Burning Atlantic Division questions

JEFF FRANK, Sports Network

, Last Updated: 12:13 PM ET

PHILADELPHIA -- In the post-lockout era, no division has sent more teams to the playoffs than the Atlantic. More importantly, the last three Eastern Conference Stanley Cup representatives have all come from this division. Still, there are many questions left to be answered.

WILL ILYA KOVALCHUK AND MARTIN BRODEUR LIFT THE DEVILS INTO THE SECOND ROUND OF THE PLAYOFFS?

New Jersey invested a lot in Kovalchuk, Since acquiring the right-winger, the Devils have given away Niclas Bergfors, Johnny Oduya, Patrice Cormier, as well as multiple first-round picks, and a second and third in next year's entry draft.

Despite winning the division the last two seasons, and finishing second in 2007-08, New Jersey has been ousted in the first round all three years. Trading for Kovalchuk last year did not alter the status quo but the two-time 50-goal scorer cannot solely be blamed for the loss to Philadelphia.

Martin Brodeur must take the majority of the responsibility as his goals- against average in the last three playoff rounds stands at 2.80, compared to 2.24 during the three regular seasons.

On the other hand, this year could be different as the three-time Stanley Cup- winning goalie might not be as worn out come playoff time due to the possibility of fewer regular season starts. (New Jersey finally has a capable backup in Johan Hedberg to lessen his load.)

Some folks could point to the 2008-09 season to counteract that argument since Brodeur only played 31 games that year, but they forget he was in goal for 21 of the final 22 regular season contests prior to the seven-game series with Carolina.

This should be the year New Jersey finally reaches the second round.

CAN THE FLYERS' GOALIES LEAD THE TEAM BACK TO THE STANLEY CUP FINALS?

After Chicago won its first Stanley Cup in almost 50 years, the second biggest story of 2009-10 had to be the rise of Michael Leighton.

Drafted by the Blackhawks in 1999, the 29-year-old journeyman almost stole the game's biggest prize by leading the seventh-seeded Flyers into the finals. When you consider his career record prior to joining Philadelphia (the second time) was 18-35-2, the postseason ride was even more of an improbability.

Unfortunately, Leighton injured his back early in the preseason and will miss at least the first month of the year.

The fight for the starting position is now between Brian Boucher and newcomer Sergei Bobrovsky.

Boucher was the hero in the Eastern Conference quarterfinal round versus the Devils. However, the 33-year-old was 9-18-3 during the regular season with a 2.76 GAA and a save percentage below .900.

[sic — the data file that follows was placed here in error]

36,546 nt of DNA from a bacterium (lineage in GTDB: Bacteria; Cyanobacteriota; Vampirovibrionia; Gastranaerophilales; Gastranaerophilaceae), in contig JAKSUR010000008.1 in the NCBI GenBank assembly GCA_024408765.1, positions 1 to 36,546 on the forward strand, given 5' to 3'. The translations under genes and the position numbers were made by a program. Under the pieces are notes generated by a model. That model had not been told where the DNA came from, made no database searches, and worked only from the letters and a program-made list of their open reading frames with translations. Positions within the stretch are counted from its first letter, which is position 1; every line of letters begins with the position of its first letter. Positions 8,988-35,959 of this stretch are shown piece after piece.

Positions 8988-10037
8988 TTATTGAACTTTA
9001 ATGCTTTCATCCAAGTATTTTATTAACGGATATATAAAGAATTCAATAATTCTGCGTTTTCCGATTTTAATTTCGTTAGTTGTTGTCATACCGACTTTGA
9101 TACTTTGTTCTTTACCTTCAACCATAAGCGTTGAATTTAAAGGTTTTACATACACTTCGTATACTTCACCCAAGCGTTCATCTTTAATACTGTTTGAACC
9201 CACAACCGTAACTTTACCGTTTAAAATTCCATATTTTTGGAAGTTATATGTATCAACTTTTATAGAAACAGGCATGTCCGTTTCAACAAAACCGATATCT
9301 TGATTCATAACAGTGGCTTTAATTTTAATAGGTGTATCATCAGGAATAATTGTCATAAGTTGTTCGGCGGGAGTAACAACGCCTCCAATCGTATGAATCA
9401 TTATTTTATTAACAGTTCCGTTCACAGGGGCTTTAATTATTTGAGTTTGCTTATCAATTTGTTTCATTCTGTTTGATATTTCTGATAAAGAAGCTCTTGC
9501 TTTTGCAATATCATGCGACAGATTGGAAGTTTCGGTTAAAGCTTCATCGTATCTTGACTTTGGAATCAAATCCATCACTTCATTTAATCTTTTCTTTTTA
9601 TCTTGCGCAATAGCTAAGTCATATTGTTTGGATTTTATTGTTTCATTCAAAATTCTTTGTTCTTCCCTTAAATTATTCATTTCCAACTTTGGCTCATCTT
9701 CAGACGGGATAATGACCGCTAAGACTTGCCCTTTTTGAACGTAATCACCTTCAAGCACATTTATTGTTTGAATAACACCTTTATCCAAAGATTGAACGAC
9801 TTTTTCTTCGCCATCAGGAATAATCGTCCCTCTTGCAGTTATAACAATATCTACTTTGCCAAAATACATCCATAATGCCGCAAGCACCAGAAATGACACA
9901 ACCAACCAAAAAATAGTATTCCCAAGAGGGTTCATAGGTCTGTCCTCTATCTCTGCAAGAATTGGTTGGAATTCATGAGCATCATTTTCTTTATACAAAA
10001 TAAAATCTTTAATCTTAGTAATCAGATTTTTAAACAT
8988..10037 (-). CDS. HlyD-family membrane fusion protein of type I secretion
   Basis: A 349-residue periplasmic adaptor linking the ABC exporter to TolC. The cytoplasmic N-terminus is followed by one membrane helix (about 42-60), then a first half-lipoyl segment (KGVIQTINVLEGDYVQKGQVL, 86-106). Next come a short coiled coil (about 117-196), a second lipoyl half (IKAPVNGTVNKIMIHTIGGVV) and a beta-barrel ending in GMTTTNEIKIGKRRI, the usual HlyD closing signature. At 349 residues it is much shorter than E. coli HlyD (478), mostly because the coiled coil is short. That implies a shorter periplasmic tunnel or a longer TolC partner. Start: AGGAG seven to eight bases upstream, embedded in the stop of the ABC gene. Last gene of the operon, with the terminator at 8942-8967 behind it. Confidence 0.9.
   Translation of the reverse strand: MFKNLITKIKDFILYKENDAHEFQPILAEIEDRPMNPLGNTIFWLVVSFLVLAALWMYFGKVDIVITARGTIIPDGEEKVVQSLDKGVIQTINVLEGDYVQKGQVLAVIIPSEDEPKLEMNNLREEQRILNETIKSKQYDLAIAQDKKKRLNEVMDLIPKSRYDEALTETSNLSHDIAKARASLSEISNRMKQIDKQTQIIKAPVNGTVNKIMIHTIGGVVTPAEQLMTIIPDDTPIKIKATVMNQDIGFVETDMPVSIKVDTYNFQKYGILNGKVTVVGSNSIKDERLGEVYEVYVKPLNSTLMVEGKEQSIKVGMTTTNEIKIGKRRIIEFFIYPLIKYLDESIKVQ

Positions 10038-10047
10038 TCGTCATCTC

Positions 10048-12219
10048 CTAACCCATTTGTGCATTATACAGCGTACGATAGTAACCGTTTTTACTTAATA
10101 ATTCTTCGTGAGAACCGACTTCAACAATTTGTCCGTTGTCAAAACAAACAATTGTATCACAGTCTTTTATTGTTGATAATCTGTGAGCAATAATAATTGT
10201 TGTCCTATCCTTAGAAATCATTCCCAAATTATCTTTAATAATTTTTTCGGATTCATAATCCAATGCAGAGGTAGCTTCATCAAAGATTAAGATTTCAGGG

Bobrovsky was 9-22-3 last year in the KHL but his save percentage was a solid .919. In addition, his preseason play has been spectacular, as he was 3-0-1 with a 1.39 goals-against average and a .952 save percentage prior to Sunday. Still, he has zero NHL experience which could be a cause for concern in October.

Whatever goalie gets the No. 1 gig, look for a slight regression, particularly if Chris Pronger misses the start of the season with an injured knee.

WHO WILL ASSIST SIDNEY CROSBY AND EVGENI MALKIN IN PITTSBURGH?

Some skaters thrive playing alongside superstars while others, such as Alexei Ponikarovsky (2 goals in 16 games with the Penguins last season), struggle.

Coming into this season, Pittsburgh's plan was to move Evgeni Malkin to the wing and bump Jordan Staal up to the second line. However, Staal is on the shelf with a damaged right foot.

Despite Staal's injury, Malkin has remained on the wing, as veteran Mike Comrie has been slotted in the middle.

With the loss of 21-goal scorer Bill Guerin, the Pens must find someone else to set off the red light. There is always the chance that Malkin and Crosby could join forces on the top line but the other lines would suffer tremendously, especially since many NHL teams are now going with three scoring lines instead of two.

WHAT HAPPENS IF MARIAN GABORIK GETS INJURED?

Not a single team is tied to the fortunes of one offensive player as much as the Rangers are to Marian Gaborik. When healthy, he is one of the most dynamic performers in the game. Unfortunately, the star forward has missed 17 games or more in four of the last six seasons.

Gaborik scored 19% of his team's goals last season (42 of 222) while not a single player potted more than 20. Furthermore, the only major offensive addition this season has been Alexander Frolov, who spent the majority of last year in Terry Murray's doghouse with the Kings.

If Gaborik's groin acts up again, or something else goes wrong, New York will be hard-pressed to win many games considering its defence is very shaky after the first pairing of Marc Staal and Daniel Girardi.

WILL THE ISLES FINISH WITH THE WORST RECORD IN THE LEAGUE?

Last year, the opposition had zero problems putting the puck past Islanders goalies, as New York finished 28th in goals against. To shore up the defence, the Isles brought in a pair of veteran stay-at-home blueliners in Mark Eaton and James Wisniewski.

Unfortunately, neither player will be paired alongside Mark Streit, who will miss at least the first four months of the season after undergoing successful shoulder surgery last weekend.

Offensively, New York is hoping second-year centre John Tavares can follow Steve Stamkos' footsteps with a dominating sophomore season. But once again, the injury bug has swallowed up a huge asset as Tavares's right-hand man, Kyle Okposo, is out 2-3 months due to shoulder surgery.

The only positive that might come out of this season is the likelihood of another No. 1 pick in the league's entry draft only two years after selecting Tavares back in 2009.


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